In the last century, since Charles Schreiner placed a quarter million dollars and 140.25 acres in trust, the school he started has touched the lives of thousands.
Until next year, all the best.

Joe Herring Jr. is especially proud of one Schreiner College graduate: his lovely wife, Ms. Carolyn, who graduated from Schreiner with a teaching degree, which she's used to make the world a much better place. This column originally appeared in the Kerrville Daily Times December 30, 2017.

There are still a few copies of Joe's second book available.  Click HERE for more information.

Wednesday, December 27, 2017

Top 5 Kerr History Stories of 2017

Louise Hays Park Dam at Kerrville
Time, like an ever rolling stream, has carried 2017 away.
Above: the dam on the Guadalupe River at Louise Hays Park in downtown Kerrville
At the end of the year, it's fun to see what stories on my blog you liked best.  Sometimes I'm surprised by what folks liked best -- and sometimes I'm surprised by what people didn't like as much.  Either way, I learn something about you -- my readers -- that I will try to put to use in 2018.

The top 5 stories of 2017:

No. 5

Sid Peterson Memorial Hospital Kerrville 1949The Story of Sid Peterson Memorial Hospital, April 4, 2017. A lot of us were born in the old SPMH, which stood at the corner of Water and Sidney Baker streets for around 60 years.  This story was unexpectedly popular.
"Kerrville really shouldn’t have a hospital as nice as the Sid Peterson Memorial Hospital. When it was opened on July 3rd, 1949, it was a really big deal. But it was a deal that, if you take a hard look at the numbers, probably was bigger than the community it served."  Click here to read the story.

No. 4

Tivy Pep Rally downtown Kerrville 1956An Autumn Kerrville Afternoon in 1956, May 21, 2017.  A fellow from Minnesota contacted me by email and said he had some photos of Kerrville; he was kind enough to share them with all of us.  They were taken, most likely, by a local physician, Dr. Matthews.  Several people pointed out it couldn't be 1956 -- the car in the photo was a 1957 model.  However, Gentle Readers, in those days new cars were introduced in the autumn.  And there is a sign on the door of the car which reads "1956 Football Sweetheart."
"I knew exactly what they were doing as some of these photographs were taken, at the exact moment the shutter clicked. They were singing the Tivy alma mater while the Tivy marching band played. 'We are from Tivy,' they were singing, 'from Tivy are we....'    Click here to read the story.

No. 3

Caspar Real family cabin, around 1900Kerr County Thanksgiving in 1856, November 21, 2017.  I enjoy studying local history, but sometimes I wonder about the daily life of those who settled here in the mid-1850s.  For example, what did they eat?
"The [Denton] family was never short of meat or honey. Though hogs and deer were plentiful, Denton preferred bear meat. "You can eat bear meat every day in the year and never tire of it, and, when cured, you can eat it raw as well as cooked. Everybody used bear oil as a substitute for lard; it made the best shortening in the world. My uncle, John Lowrance, was a mighty bear hunter and often had 1,000 pounds of bear meat in his smokehouse. He considered it the most wholesome of meats and believed that a diet of it would cure any sort of stomach trouble."  Click here to read the story.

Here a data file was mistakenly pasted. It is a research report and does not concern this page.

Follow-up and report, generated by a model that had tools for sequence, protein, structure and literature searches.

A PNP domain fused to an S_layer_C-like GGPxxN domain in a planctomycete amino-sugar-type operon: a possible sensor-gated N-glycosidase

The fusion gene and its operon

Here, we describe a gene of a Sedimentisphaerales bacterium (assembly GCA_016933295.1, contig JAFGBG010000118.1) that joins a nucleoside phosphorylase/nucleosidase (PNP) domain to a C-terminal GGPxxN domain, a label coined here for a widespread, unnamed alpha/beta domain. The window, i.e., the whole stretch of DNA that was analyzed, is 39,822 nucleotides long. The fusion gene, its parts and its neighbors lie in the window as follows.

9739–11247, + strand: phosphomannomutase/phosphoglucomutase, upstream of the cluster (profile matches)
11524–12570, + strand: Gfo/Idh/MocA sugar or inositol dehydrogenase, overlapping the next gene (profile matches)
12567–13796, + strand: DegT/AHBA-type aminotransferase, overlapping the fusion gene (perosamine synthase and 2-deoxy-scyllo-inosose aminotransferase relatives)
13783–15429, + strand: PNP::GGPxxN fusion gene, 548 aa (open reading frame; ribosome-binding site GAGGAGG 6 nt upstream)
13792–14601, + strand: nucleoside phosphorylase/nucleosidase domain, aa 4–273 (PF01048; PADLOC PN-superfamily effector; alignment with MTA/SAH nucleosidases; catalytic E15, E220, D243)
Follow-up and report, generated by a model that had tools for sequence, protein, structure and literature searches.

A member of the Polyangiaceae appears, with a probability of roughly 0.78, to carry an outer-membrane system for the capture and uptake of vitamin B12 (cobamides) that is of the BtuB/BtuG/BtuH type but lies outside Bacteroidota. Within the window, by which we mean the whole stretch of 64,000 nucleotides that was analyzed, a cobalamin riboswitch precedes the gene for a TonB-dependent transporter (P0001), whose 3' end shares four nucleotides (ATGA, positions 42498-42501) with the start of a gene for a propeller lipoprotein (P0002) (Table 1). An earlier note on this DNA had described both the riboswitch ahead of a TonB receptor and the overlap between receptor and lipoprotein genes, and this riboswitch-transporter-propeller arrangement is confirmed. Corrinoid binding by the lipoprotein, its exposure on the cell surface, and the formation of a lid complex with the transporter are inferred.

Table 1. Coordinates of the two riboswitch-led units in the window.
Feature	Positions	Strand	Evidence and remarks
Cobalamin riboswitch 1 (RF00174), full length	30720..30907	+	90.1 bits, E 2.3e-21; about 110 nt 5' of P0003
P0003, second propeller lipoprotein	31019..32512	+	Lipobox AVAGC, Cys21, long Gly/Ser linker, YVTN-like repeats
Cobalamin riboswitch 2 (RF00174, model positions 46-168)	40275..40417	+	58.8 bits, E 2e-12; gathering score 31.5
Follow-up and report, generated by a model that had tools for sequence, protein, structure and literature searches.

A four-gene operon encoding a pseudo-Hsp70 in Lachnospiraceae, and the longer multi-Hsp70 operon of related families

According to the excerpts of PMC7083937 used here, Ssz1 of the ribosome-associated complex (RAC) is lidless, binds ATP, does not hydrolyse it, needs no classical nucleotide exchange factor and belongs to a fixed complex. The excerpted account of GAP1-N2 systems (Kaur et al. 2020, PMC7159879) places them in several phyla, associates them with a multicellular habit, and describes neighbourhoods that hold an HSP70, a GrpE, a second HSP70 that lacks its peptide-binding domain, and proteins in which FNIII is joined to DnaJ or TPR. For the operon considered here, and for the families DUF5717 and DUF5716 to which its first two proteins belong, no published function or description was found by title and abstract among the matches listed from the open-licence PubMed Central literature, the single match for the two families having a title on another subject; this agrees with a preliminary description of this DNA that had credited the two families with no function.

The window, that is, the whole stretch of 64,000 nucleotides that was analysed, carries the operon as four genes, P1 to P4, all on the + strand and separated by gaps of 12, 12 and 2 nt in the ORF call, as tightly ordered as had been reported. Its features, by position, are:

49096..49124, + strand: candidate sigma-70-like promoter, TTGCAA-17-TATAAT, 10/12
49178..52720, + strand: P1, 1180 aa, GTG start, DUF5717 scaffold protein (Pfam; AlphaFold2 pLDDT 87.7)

No. 2

Ruins of Mill Works downtown KerrvilleKerrville's oldest man-made structure is falling apart, September 24, 2017.  It's a shame that a site so important to the history of our community is not being preserved.
"It rests at the bottom of a bluff littered with debris from other, newer structures, and is hidden within a wild tangle of branches, vines, and weeds. Trash is piled in drifts at the site: food wrappers, clothes, broken glass; it's filthy.  Click here to read this story.

No. 1

Florence Butt and coworkersEvery H-E-B employee in a single photograph, June 4, 2017.  Who doesn't like a good success story, especially when it's about a woman who first tried selling groceries door to door, before opening her tiny grocery store on Main Street in Kerrville?  This story was the most popular story of 2017.
"Studying the original photo, I can now tell the photo was a selfie. You can see the shutter cable snaking from the camera to the bench on which four of the people are resting. I can't determine whether Florence or her son Gene took the photograph; Florence's hand looks as if it might be pushing the plunger on the cable, but Gene had an interest in photography at the time, and the cable looks as if it's heading toward him. Click here to read this story.
I'm thankful for the more than 100,000 times readers checked in to read a story or two in 2017.  It is amazing to me that a blog about such a narrow topic -- the history of one rural county in Texas -- could be so popular with so many readers around the world.  I'm grateful for your continued interest and support.

If you'd like to get updates to the blog emailed directly to your inbox each week, just enter your email address in the box below:

Over the past year I've sent out over 40,000 emails to folks, like you, who want these stories sent to them each week. It's free, and you can unsubscribe at any time.

There are still a few copies of Joe's second book available.  Click HERE for more information.



Related Posts with Thumbnails